Article by Angus Jenkinson FCybS, June 2021
Cybernetics has been accused of having no methods. Given the large body of practice, analytical tools, and methods deployed, this is an interesting conclusion. In part it develops from people who do not understand the way of thinking that cybernetics provides. The very first “tool” therefore can be considered to be the way of thinking. A related one is design thinking, an extremely influential worldwide approach used in business, town planning and much more.
One of the strategic goals of the Cybernetic Society as to cultivate an understanding of the practical ways in which cybernetics provides for interventions into a wide variety of problem areas as well as enabling ordinary functional performance at a higher level. Another aspect is the number of methods that have been developed without necessarily being labelled as “cybernetic”.
As noted in the discussion of Management, Deming — the quality guru — took a method of designing production to Japan when he was called by General MacArthur after WWII. He was credited as the principal influence, in the Japanese quality revolution. For this he was influenced by his engagement with others in cybernetics. His total quality management (TQM) structure is rooted in cybernetics. That in turn led to lean. When Chris Argyris offered double loop learning as a method, he was using the recursive structures found in general systems theory and very much in cybernetics. They contribute to Agile. Drucker’s management theory drew heavily on cybernetics — management by objectives is a cybernetic approach.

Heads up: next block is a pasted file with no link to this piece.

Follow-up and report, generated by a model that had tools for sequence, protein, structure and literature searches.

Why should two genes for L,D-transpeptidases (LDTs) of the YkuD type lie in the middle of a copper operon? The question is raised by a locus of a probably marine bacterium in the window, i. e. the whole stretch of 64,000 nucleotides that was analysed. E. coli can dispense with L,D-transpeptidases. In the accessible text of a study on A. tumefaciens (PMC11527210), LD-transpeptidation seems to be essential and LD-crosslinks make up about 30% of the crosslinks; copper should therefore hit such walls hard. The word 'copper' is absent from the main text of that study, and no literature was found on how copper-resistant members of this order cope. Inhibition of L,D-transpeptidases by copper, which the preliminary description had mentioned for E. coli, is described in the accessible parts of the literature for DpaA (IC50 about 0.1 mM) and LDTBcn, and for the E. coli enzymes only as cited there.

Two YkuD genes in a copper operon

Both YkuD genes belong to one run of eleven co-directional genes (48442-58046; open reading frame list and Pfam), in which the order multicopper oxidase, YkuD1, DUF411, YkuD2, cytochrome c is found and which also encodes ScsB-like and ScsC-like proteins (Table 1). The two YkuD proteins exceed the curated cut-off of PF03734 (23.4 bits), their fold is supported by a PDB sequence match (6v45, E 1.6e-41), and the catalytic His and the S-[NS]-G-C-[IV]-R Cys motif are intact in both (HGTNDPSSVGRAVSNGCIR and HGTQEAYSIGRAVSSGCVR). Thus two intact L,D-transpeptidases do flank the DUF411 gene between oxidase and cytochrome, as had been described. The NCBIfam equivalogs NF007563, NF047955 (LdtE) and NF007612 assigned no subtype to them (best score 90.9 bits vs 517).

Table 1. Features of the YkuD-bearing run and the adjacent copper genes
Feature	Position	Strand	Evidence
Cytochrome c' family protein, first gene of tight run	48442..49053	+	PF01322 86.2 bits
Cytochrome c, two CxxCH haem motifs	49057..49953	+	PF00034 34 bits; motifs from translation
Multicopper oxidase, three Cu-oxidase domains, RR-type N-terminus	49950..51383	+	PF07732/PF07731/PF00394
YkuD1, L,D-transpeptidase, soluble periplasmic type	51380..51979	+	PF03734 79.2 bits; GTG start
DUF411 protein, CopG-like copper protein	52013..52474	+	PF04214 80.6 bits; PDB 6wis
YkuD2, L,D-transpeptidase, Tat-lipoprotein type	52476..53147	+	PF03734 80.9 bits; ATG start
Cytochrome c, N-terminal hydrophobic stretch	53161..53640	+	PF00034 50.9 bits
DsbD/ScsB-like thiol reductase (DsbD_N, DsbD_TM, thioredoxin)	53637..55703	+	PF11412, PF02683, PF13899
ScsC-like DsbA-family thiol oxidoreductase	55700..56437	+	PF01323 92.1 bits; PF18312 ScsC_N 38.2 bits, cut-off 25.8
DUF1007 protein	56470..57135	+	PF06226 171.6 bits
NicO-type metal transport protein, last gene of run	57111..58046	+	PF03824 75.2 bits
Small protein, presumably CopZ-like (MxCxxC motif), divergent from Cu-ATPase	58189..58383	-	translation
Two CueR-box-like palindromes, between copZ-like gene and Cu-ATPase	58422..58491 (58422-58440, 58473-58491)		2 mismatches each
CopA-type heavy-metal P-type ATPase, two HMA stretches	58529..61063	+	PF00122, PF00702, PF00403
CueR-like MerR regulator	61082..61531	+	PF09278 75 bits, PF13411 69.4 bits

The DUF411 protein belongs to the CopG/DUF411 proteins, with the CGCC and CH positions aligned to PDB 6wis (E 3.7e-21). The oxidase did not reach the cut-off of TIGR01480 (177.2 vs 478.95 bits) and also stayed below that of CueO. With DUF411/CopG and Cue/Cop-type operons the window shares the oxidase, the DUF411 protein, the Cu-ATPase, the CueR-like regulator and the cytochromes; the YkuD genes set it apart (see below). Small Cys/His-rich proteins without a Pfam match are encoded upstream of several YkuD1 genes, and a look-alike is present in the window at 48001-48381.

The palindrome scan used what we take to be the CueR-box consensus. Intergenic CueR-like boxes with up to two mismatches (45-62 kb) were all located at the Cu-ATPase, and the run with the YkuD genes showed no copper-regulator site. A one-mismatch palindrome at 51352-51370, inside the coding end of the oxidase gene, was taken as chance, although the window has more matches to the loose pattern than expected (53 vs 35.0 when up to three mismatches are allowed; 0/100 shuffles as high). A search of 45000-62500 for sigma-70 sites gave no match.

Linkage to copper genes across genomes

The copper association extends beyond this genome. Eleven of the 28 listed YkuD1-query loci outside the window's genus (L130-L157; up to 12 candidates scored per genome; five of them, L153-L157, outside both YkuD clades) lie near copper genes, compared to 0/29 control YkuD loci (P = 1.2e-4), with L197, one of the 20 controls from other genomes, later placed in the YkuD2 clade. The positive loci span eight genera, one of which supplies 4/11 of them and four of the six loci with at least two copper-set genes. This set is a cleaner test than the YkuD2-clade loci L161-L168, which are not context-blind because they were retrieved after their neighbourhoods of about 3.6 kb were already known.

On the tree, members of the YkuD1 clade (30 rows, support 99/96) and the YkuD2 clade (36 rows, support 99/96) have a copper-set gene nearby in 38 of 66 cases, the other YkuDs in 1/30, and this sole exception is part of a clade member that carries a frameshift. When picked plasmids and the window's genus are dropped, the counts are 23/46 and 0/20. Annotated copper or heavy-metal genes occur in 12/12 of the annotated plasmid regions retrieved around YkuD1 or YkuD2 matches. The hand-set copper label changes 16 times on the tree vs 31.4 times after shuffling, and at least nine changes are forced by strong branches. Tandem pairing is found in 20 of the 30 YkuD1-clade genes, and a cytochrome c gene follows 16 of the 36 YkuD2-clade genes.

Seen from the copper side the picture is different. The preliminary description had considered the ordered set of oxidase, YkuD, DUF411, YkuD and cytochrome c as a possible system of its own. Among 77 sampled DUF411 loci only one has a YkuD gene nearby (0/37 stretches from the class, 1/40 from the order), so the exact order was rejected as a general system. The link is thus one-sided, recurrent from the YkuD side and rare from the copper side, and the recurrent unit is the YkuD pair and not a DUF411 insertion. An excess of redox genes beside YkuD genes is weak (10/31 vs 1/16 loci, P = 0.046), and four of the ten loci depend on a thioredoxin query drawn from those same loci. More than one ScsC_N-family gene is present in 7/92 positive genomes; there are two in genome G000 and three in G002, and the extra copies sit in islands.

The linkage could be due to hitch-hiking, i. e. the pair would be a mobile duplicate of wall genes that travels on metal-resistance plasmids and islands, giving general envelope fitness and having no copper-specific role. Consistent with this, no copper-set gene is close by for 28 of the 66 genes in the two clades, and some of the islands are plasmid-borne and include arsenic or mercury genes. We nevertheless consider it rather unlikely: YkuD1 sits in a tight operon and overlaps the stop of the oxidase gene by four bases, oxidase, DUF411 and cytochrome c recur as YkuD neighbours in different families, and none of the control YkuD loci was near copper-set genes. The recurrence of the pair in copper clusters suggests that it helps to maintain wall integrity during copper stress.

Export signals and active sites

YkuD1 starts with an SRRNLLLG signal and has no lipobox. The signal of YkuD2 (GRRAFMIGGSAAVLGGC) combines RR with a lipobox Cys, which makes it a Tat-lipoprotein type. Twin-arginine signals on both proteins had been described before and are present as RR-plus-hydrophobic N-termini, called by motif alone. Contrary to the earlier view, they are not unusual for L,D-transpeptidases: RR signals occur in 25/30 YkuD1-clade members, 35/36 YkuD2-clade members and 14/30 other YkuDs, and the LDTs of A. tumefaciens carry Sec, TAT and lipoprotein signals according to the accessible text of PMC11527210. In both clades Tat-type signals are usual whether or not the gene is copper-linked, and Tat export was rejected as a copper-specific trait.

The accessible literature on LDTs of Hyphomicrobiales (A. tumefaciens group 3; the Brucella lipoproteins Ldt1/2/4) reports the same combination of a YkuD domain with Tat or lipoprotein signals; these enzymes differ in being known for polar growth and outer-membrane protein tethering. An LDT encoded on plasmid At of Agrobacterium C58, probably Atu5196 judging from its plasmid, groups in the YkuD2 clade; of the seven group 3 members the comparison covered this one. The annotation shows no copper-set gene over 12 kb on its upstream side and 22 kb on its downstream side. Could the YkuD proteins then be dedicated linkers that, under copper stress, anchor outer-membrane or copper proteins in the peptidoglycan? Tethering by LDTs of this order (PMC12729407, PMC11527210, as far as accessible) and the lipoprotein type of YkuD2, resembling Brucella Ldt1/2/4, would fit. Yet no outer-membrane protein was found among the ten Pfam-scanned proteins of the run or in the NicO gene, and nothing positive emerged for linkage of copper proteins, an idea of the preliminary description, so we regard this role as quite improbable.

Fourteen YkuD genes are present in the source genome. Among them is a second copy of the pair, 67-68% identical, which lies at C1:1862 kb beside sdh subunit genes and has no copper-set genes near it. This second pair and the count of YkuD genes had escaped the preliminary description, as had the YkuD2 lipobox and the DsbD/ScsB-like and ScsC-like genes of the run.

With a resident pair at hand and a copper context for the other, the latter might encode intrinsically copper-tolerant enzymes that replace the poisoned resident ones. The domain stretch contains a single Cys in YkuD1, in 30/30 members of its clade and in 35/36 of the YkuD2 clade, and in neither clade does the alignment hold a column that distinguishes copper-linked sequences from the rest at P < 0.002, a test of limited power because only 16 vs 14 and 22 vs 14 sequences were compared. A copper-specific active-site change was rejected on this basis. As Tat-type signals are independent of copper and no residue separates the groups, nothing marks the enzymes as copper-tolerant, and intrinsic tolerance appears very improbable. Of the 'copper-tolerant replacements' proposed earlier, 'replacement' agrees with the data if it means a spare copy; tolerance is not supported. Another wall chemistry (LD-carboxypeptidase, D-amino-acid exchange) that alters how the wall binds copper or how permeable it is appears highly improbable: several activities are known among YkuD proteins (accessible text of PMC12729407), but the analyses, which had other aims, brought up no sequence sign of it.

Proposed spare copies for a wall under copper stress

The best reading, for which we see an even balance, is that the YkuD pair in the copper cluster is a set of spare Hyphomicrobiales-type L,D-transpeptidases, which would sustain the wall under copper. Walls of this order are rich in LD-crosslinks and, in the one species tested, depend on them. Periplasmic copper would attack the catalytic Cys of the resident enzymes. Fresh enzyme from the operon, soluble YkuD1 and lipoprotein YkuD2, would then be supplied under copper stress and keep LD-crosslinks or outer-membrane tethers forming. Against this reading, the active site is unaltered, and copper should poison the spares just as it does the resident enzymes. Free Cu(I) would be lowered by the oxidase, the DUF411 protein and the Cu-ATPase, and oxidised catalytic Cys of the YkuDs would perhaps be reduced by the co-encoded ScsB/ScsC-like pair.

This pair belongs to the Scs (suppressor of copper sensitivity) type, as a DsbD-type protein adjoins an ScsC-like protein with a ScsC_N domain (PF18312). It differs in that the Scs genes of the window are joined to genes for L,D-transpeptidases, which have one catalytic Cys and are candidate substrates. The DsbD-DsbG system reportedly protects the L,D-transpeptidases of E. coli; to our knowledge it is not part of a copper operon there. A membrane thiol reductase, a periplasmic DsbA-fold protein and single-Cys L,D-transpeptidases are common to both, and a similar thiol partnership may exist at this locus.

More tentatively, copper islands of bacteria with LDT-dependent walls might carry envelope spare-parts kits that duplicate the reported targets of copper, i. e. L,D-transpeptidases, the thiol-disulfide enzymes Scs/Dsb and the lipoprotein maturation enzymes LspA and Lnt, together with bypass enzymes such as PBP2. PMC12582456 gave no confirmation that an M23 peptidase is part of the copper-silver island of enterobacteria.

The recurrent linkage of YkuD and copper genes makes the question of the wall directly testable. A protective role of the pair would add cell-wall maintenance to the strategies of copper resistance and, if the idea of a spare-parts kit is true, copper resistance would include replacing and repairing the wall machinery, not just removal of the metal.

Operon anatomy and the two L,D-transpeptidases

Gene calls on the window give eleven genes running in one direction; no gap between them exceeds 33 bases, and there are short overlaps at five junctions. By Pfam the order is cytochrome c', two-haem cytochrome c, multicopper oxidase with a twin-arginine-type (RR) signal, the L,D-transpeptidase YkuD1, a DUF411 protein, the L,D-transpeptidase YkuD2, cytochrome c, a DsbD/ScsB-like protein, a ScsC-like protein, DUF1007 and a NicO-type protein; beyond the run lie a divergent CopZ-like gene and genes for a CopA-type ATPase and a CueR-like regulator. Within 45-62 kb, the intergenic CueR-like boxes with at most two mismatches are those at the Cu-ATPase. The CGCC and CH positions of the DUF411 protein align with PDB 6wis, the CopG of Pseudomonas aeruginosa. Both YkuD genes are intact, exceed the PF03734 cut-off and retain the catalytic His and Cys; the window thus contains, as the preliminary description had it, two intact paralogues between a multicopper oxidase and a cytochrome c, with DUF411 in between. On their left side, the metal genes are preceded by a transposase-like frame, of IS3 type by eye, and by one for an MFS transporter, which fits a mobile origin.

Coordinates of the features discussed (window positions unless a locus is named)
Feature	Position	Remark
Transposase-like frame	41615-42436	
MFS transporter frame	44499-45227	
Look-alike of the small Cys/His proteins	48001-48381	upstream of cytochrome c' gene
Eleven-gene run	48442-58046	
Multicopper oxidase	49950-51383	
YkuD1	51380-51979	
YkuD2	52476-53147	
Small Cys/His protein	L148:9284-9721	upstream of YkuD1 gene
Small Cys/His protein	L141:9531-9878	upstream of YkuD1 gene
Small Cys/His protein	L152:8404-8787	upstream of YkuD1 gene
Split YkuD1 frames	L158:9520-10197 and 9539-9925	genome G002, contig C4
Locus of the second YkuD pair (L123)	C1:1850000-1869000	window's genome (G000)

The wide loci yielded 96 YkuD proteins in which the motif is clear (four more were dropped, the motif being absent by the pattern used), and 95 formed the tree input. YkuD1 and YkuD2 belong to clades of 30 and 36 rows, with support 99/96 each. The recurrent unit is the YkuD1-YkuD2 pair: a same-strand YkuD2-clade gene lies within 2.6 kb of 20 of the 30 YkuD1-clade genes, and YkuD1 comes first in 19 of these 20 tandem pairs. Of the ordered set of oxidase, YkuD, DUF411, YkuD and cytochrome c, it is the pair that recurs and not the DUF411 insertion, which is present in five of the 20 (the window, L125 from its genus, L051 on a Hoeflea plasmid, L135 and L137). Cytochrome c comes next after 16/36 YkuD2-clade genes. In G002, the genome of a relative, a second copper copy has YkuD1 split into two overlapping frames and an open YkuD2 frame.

All the fundamental concepts are thinking tools — feedback, variety, context, signals, et cetera — as well as those more specifically considered as such, such as requisite variety, a design approach to ensuring models, systems, know-how, and governance structures that will be adequate.
In addition there are some quite remarkable approaches to the design of change, based on deep insights into the behaviour of individuals and what is required to bring about desired outcomes. This is a very precisely worked out approach known by some and used for some decades with very many companies. In Pig Wrestling, a fairly light-hearted management book, there is a case study of the intervention in the British Olympics team in 2012.
Cybernetic society cultivates Special Interest Groups (SIGs) and encourages members to take part, both learning and publishing their learning. The opportunity to post knowledge and questions to the community is available to members.
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